Prior to the wave of discrimination stemming from the 1870s depression and growing Anti-Chinese sentiments, only a small portion of Chinese immigrants were involved in crime and there was virtually no major crime - only petty crime such as gambling, opium trade, thievery, and prostitution. From the 1880s-1930s, major crimes rose among tongs and violent gang wars broke out in San Francisco, Chicago, and New York City. Tongs were now involved with hit men, drug lords, crooked cops, and city officials. Their illicit involvements grew as tongs splintered and formed rivalries.
Gangs would utilize salaried soldiers called “hatchet men” for their proclivity towards using hatchets as their favored melee weapon in the early years to fight gang wars over territories, opium, prostitution, and gambling. These hatchet men made up approximately 20% of tong members and were usually from lower classes. While originally using cleavers, knives, and hatchets, they later switched to guns, particularly revolvers, to fight these gang wars. New York City saw four major tong wars fought between the 1900s and the 1930s. Many of these were fought over the human trafficking of Chinese women, who had been banned from entering the U.S. from 1876 to 1943 unless they were the wives or daughters of merchants granted immigration to the U.S.
The Legacy of Chinese Gangs
Falling favor with the Chinese community and the destruction of Chinatown in the 1906 earthquake ended the tong wars in San Francisco. The tong wars of Chicago and New York city also eventually died out over the next few decades. Nowadays, tongs, while still secret fraternal organizations, primarily provide essential services to Chinese immigrants. Groups such as the Triads and individual, unaffiliated street gangs have taken on the more violent roles that tongs occupied in the early 20th century.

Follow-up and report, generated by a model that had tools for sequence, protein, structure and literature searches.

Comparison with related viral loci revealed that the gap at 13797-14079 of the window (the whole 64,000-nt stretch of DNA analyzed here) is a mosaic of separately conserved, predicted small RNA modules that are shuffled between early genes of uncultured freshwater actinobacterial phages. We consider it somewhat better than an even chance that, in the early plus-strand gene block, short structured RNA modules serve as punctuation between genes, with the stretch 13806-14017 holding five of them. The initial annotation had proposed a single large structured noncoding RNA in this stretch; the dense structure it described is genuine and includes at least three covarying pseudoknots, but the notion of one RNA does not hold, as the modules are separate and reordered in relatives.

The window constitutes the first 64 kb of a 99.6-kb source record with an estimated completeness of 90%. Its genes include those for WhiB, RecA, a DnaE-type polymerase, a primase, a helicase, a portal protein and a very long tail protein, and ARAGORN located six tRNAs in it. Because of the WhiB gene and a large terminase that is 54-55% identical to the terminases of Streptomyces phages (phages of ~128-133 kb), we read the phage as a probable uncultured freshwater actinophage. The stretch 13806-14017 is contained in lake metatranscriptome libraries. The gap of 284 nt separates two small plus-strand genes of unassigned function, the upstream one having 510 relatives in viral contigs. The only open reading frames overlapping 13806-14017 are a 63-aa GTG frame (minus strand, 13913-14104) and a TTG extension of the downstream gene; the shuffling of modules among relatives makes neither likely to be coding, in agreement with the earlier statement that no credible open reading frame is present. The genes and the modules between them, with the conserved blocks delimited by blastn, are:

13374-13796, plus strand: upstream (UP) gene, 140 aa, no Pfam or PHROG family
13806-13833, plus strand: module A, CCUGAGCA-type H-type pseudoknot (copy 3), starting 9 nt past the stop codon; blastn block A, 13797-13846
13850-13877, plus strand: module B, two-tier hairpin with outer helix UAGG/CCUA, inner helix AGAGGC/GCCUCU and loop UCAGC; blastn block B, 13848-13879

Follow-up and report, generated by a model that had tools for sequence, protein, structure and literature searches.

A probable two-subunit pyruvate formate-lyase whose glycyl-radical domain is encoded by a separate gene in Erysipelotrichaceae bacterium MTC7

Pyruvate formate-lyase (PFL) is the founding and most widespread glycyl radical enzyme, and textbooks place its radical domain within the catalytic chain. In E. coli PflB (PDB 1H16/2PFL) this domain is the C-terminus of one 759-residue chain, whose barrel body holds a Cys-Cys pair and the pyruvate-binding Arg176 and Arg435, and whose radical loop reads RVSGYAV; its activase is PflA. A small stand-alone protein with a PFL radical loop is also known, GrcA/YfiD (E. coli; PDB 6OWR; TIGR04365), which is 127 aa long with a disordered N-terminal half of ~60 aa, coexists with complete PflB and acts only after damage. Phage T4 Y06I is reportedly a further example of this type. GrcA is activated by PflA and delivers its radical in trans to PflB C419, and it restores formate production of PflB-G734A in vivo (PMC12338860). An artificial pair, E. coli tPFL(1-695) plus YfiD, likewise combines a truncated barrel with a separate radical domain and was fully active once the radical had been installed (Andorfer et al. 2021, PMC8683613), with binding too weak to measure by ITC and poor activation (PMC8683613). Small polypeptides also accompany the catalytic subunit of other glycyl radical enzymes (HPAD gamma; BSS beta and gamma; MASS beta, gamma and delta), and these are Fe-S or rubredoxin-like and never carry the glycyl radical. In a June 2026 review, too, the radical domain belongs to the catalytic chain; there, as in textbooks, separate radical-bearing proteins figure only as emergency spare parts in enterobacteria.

Chinese crime took on a different form as the tides began to change in China. A loose group known of human smugglers known as the Snakeheads operated in the 1960s-1990s to get people out of Mao’s repressive regime in China and into the U.S.
Smuggling Chinese into the U.S. meant exorbitant fees (a $5,000 USD down payment with a full $30,000 USD owed later in one instance) and later became extortion, where gang members would hold new arrivals hostage and torture them for the money owed or additional fees. By the mid-1990s, the Snakehead trade from China to the U.S. was an estimated $3.5 billion industry. One of the most well-known Snakeheads was known as Sister Ping, a woman who emigrated from China to the U.S. in 1981. She established a remittance business for emigrants to send money back to China. Her vast network enabled her to create a human smuggling operation and she soon became known as the gold standard for smuggling illegal immigrants into the U.S. through intermediary countries, such as Hong Kong, Thailand, and central American countries. Sister Ping was later caught and arrested, but many in the Chinese community still viewed her as a paragon helping to free people from a repressive regime rather than a criminal.